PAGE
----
Pain in the neck and upper back can be temporary. For example, a person may have a sore neck after sleeping in an unnatural position. However, for some people, pain in this area is chronic.
In this article, we review the causes of this type of pain and the treatment options to relieve uncomfortable upper back and neck aches.
A painful upper back and neck may be the result of the following:
- repetitive heavy lifting
- bad posture
- acute injury
- sprain or strain
- pinched nerve
- other conditions, such as scoliosis
Upper back pain is also known as thoracic spine pain. Although upper back pain is not as common as neck pain, according to a 2014 study, it affects approximately 1 in 5 females and 1 in 10 males.
Poor posture can cause upper back pain because it is difficult for a person to maintain a good seating position over an extended period.
A person can reduce pain in their upper back by making themselves aware of how they are sitting and exercising to strengthen the core and buttocks.
Specific exercises that can improve a slouching posture include:
- back extensions
Athletes who perform frequent throwing movements, such as pitchers in baseball, may experience a strain in the shoulder area. The muscles in the upper back help stabilize the shoulder, and straining or overusing them can lead to pain.
Unchecked muscle overuse can lead to chronic pain and a limited range of motion.
Upper back and neck pain can also occur due to trauma, such as that resulting from the following injuries:
- car accidents
- sport accidents
- falling, slipping, or tripping
A person may experience long-term health consequences when their upper back or neck sustains a severe injury in an accident. For example, serious injuries may damage nerves that play a role in arm function.
While muscles are often the reason for pain in the upper back and neck, bone pain is another cause.
The disks that cushion the spine’s vertebrae can sometimes pop out, leading to excess pressure on the spine, which can cause back pain.
In rare cases, an epidural abscess may be the cause of upper back and neck pain. As the growth swells, pain increases. Treatment typically involves antibiotics.
However, this kind of abscess is difficult to diagnose. According to one 2016 study, up to 75% of people with this type of infection initially receive a misdiagnosis.
Meningitis is an emergency condition that requires immediate medical attention. People with meningitis may also experience:
- sensitivity to light
- arm pain
- jaw pain
Anyone experiencing neck pain along with other heart attack symptoms should call 911 or visit an emergency room.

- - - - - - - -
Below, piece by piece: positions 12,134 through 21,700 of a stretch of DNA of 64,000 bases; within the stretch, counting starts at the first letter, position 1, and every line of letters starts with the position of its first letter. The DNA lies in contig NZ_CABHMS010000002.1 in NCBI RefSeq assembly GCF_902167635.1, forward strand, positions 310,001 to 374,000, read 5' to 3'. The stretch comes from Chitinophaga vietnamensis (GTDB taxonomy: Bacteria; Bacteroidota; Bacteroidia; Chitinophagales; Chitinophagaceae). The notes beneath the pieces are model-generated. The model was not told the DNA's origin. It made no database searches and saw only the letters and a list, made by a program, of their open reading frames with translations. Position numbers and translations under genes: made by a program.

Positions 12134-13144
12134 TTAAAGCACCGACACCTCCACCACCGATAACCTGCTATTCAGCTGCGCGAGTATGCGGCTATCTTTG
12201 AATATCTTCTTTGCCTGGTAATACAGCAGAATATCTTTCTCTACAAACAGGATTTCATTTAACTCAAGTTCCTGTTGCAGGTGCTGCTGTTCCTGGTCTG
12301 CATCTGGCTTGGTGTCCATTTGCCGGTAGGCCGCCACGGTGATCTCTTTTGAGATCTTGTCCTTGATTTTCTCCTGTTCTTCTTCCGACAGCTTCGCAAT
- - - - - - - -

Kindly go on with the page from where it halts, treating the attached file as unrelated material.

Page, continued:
Treatment for upper back and neck pain varies depending on the cause. For instance, an infection will likely require antibiotics, but pain due to repetitive strain requires rest and over-the-counter (OTC) pain relievers.
Conventional treatments for upper back and neck pain include:
- OTC nonsteroidal anti-inflammatory drugs (NSAIDs)
- prescription muscle relaxants, if OTC medication is ineffective
- hot or cold compresses
- physical therapy
- cortisone shots in the shoulder
- transcutaneous electrical nerve stimulation (TENS)
- surgery, but only in rare cases
A physical therapist can use muscle release techniques and explain how to do strengthening and stretching exercises to help relieve upper back and neck pain. Adherence to a physical therapy program is essential.
People should continue exercising when the pain has gone to prevent it from returning.
Other treatment options and alternative therapies include:
A person experiencing upper back and neck pain should see a doctor if the pain:
Upper back and neck pain are often due to poor posture and muscle strain.
People who are diligent in correcting and maintaining their posture will likely experience a reduction in pain.
Anyone who cannot get relief with home treatments should seek the help of a medical professional.
Some habits and activities put people at higher risk of experiencing upper back and neck pain. Those who wish to prevent pain from recurring should pay attention to the following:
- Exercise habits: Strengthening the core and improving flexibility can reduce a person’s chances of developing back pain.
- Body weight: Having obesity can put undue strain on the body and spine.
- Body posture: Whether standing or sitting, good posture can make all the difference in preventing back and neck pain.
- Lifting technique: People should take care to lift with the legs instead of the back to avoid back injuries.
A person should note that sitting for long periods increases slouching behavior, potentially leading to back pain. A 2015 study found that participants who sat for 4–6 hours a day were more likely to report higher levels of pain than those with less sitting time.
Upper back and neck pain can interfere with a person’s life, causing discomfort and distress. However, this type of pain usually results from behavior that people can easily correct, such as bad posture.
Finding the right treatment plan to address chronic upper back and neck pain can take some time. Using recommended strategies will provide relief and prevent pain from returning in the future.